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FEATURE: Halloween event brings more treat than trick

The Blackhawks hosted more than 300 kids from the community for a Halloween party

by Fred Mitchell / Community Correspondent

The Chicago Blackhawks first-ever community Halloween event provided more treats than tricks at MB Ice Arena.

More than 300 youngsters from Boys & Girls Clubs and other community organizations around Chicago were invited to the two-hour party. The festive event included trick-or-treating at various locations throughout the building, face-painting, shoot-the-puck opportunities, balloon shaping, a special visit from (mascot) Tommy Hawk, pumpkin painting and open skating. The get-together was created to provide a safe and fun environment for kids to celebrate Halloween.

Video: Halloween at MB Ice Arena

Youngsters from Marillac St. Vincent Family Services, Dr. Martin Luther King Jr. Boys & Girls Club, William H. Brown School of Technology, Legacy Boys & Girls Club and ICE (Inner City Education) were in attendance.

"We wanted to bring out kids from local organizations to have a fun, safe environment to spend Halloween that would allow them to skate, paint pumpkins and other activities," said Meghan Pollack, Blackhawks Community Relations assistant.

Vanessa Loera and her 10-year-old son, Angelo, were among the first to arrive. Angelo has been a member of the Inner-City Education program in Cicero. "He loves it," Mrs. Loera said. "We are so happy the Blackhawks provide this opportunity for so many kids. Angelo has been skating for two years."

Brad Erickson, the founder and executive director of the Inner-City Education program, said he was delighted to see many of his young people smiling and having a joyful time at the Blackhawks Halloween event.

"The ICE program basically provides hockey and education opportunities to inner-city kids who otherwise would not have access to them," he said.

"It's a lot of fun for the kids to be able to do something different. Get out of their neighborhood and come somewhere that is safe, fun, interactive. They get to go on the ice, they get to see Tommy Hawk, eat candy...it is really a great event the Blackhawks put on for them."

Erickson said the Halloween party was just the latest of several community-minded events initiated by the Blackhawks organization.

"It's phenomenal. Since the MB Ice Arena has opened (last January), the Blackhawks have been a great partner in the community," Erickson said. "And that was one of the things they talked about way before it was opened. And they have lived up to that, certainly with our program. We are here every Monday. They give us an hour of ice time for our kids. And we also use one of the meeting rooms for an hour for academic tutoring before practice. They get to go on the ice after the tutoring and that is all donated by the Chicago Blackhawks Foundation."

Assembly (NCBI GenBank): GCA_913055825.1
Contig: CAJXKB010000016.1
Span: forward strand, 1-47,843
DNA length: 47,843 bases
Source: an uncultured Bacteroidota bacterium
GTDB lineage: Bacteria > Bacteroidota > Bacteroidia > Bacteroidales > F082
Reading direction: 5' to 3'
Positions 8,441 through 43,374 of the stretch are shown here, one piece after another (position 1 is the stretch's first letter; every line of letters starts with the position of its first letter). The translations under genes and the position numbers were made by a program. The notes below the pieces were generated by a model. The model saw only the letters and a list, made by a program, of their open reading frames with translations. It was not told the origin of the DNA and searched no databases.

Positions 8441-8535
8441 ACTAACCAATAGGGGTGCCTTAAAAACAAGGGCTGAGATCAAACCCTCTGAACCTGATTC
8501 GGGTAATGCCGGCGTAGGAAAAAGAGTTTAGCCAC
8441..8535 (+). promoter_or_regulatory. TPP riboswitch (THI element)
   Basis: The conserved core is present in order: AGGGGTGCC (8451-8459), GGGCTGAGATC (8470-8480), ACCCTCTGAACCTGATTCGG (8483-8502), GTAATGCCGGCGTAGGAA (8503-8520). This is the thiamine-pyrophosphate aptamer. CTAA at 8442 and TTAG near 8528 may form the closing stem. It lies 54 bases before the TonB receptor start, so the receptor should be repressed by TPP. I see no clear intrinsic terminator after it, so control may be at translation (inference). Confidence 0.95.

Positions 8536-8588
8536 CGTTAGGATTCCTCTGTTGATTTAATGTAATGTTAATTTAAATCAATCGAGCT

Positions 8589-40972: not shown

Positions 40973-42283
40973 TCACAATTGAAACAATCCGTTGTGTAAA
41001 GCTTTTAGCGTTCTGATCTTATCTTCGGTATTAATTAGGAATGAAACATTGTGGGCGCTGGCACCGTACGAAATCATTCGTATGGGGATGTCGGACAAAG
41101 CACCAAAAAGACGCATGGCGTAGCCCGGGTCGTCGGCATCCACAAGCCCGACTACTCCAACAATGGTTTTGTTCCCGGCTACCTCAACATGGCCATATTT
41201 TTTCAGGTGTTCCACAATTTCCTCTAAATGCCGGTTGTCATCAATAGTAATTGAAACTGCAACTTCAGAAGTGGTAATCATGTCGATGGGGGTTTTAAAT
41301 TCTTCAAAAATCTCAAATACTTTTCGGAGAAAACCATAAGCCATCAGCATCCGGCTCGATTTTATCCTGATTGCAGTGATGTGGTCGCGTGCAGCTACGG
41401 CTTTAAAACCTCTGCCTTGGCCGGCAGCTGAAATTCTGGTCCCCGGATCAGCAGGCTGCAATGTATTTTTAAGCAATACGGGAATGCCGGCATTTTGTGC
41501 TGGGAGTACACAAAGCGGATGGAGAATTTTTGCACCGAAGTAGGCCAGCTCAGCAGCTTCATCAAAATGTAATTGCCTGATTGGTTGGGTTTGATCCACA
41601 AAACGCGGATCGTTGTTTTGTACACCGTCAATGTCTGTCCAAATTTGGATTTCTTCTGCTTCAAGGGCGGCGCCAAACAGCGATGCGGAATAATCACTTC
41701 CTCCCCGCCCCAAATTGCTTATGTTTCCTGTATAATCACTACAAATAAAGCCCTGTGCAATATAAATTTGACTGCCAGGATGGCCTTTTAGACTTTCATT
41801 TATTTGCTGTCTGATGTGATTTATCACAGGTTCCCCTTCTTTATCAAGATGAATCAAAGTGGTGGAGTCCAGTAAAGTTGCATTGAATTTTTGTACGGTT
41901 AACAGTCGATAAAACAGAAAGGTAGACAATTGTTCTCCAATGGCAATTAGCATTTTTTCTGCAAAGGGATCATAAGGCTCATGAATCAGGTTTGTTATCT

Erickson posed for pictures with many of the students involved in his program and the youngsters were all smiles.

"I started this in 2003 and we originally just gave out scholarships to low-income inner-city kids who played hockey," he said. "We have been partnering with the Blackhawks for a long time. Brent Seabrook in particular. Our bowling event is our main fundraiser every year. It has grown tremendously over the past 10 years. And now we have started our own hockey program--this is our fourth year---to help create more kids who fit the profile to apply for an academic scholarship. To be considered for one of our scholarships, you have to be a hockey player. You have to be considered low-income. And you have to not have a good public school available. So any of the kids who meet that criteria can apply for a scholarship."

Love of the sport of hockey and the opportunities provided by the Blackhawks made this year's Halloween especially enjoyable for hundreds of youngsters from Chicagoland.

"There are not that many inner-city kids who play hockey, of course. So we will give kids the opportunity to play hockey and we will cover that base," Erickson said of his program. "We recruit kids from that low-income area where they have under-performing schools. We have 30 here (in Chicago) and 60 kids in Cicero. Out of 150 kids, we have 34 on scholarship this year."

Erickson was able to turn a personal dream into reality about 20 years ago, with the help of the Blackhawks.

"I was coaching kids in West Garfield Park, starting in the late '90s, in an outdoor rink that got put up every winter,"he said. "I just got to know the kids really well over the first few years and learned about their home lives. There were difficult situations and circumstances with families being split up and parents in prison or not around or killed. Then I learned that their schools weren't very good. And I just thought that these kids don't have much chance through no fault of their own. They were smart, polite, funny, curious good kids. They were just kind of cheated by chance.

"I know that hockey helps with discipline and teamwork and all these other things. But I thought the best way to help them longterm was to get them a better education. One of my very first scholarship winners is 29 now and on our board, which is the greatest." 

This year's Blackhawks Halloween party created a fun atmosphere and fitting reward for so many deserving youngsters.

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